Labor's VET FEE-HELP cap will reduce rip-offs but TAFEs need guaranteed funding
Labor’s decision to cap VET FEE-HELP debts at $8000 per year is a good start but major reforms are needed to support TAFEs and end the drain of taxpayer funds to dodgy private providers, the AEU said today.
AEU Federal TAFE Secretary Pat Forward said the VET FEE-HELP scheme needed to be suspended while a full independent inquiry was held, and all governments needed to guarantee that at least 70 per cent of VET funding was reserved for TAFEs.
“Labor’s announcement will go some way towards controlling the growth of low-quality private operators by cutting the profits they can make at taxpayer expense,” Ms Forward said.
“But with VET FEE-HELP debts hitting $4 billion for 2016 alone, this action doesn’t go far enough. VET FEE-HELP must be suspended while a full inquiry is held.
“Labor has recognised the disastrous consequences of VET FEE-HELP which has failed to increase the choice or quality of training, but has simply delivered profits to private providers at the expense of taxpayers and students.
“All political parties need to recognise the damage privatisation policies have done to TAFEs, which have been forced to compete with low-quality private operators who have often used unscrupulous and misleading methods to recruit students.
“TAFEs have been damaged by being required to compete for funding with these operators while trying to maintain quality. Private providers are poorly-regulated and not required to offer minimum hours for their courses.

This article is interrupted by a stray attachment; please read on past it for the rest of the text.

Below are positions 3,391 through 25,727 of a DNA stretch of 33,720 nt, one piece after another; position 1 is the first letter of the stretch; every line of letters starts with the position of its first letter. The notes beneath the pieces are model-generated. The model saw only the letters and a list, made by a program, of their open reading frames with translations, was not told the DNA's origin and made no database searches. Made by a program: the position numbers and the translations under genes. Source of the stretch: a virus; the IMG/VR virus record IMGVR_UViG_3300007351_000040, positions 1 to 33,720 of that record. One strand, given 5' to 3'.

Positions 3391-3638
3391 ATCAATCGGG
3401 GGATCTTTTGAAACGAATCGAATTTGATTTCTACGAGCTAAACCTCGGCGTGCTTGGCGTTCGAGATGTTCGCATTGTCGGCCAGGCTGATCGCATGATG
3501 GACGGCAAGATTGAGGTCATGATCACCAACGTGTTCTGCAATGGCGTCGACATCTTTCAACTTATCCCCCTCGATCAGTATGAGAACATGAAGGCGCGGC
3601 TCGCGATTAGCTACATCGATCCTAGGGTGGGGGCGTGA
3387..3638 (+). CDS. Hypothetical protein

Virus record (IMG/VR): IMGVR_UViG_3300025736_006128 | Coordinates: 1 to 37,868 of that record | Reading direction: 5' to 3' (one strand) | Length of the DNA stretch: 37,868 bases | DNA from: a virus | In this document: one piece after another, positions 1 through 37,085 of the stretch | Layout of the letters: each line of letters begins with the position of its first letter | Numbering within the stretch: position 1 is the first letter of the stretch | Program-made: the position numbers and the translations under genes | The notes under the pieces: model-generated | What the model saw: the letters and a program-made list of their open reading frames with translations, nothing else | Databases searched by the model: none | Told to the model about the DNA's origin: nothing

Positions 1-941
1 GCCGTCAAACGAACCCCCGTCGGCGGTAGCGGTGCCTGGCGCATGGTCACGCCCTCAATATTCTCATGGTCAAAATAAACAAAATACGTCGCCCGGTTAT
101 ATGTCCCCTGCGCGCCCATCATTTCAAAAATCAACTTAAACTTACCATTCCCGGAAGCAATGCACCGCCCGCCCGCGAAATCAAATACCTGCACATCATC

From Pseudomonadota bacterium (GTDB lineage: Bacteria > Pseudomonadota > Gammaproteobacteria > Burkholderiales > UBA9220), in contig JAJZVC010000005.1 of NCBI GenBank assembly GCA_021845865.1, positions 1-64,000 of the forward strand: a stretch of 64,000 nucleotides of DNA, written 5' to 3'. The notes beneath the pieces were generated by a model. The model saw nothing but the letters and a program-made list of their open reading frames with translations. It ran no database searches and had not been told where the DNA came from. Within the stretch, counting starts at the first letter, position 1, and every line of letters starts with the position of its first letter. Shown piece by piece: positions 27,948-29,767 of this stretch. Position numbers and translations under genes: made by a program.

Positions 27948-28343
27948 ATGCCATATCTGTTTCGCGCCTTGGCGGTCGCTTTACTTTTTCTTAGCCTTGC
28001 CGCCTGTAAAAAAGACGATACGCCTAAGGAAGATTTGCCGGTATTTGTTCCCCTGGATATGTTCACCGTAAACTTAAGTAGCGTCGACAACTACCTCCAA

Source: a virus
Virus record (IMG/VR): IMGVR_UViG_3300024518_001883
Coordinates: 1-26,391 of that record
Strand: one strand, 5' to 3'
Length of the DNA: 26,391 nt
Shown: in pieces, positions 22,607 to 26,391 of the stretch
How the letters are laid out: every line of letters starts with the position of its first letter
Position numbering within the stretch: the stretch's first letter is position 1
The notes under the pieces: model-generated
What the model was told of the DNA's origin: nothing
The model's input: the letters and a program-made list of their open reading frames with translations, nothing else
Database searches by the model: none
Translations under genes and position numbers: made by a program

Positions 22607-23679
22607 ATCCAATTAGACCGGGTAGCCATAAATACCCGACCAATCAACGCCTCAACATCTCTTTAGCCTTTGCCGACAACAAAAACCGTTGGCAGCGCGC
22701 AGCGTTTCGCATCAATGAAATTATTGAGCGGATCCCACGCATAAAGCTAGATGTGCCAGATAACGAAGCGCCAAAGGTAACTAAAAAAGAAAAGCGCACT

“It is a national shame that governments have allowed the proliferation of private for-profit colleges which prey on some of the most disadvantaged people in our community, many of whom will now be in a position where they will carry a lifetime of debt for a worthless qualification, or no qualification at.
“Nationally, more than $2.4 billion (around 46 per cent) of government funding is now allocated contestably, not including VET FEE-HELP. More than $1.5b of this funding goes directly to private for-profit providers; an increase of 222 per cent since 2005.
“We need to ensure that at least 70 per cent of government funding is reserved for TAFEs so that they can continue their role at the heart of the vocational education system.
“Without guaranteed support we run the risk of losing the quality, capacity and experience of TAFE and the standards of vocational training in Australia will fall.
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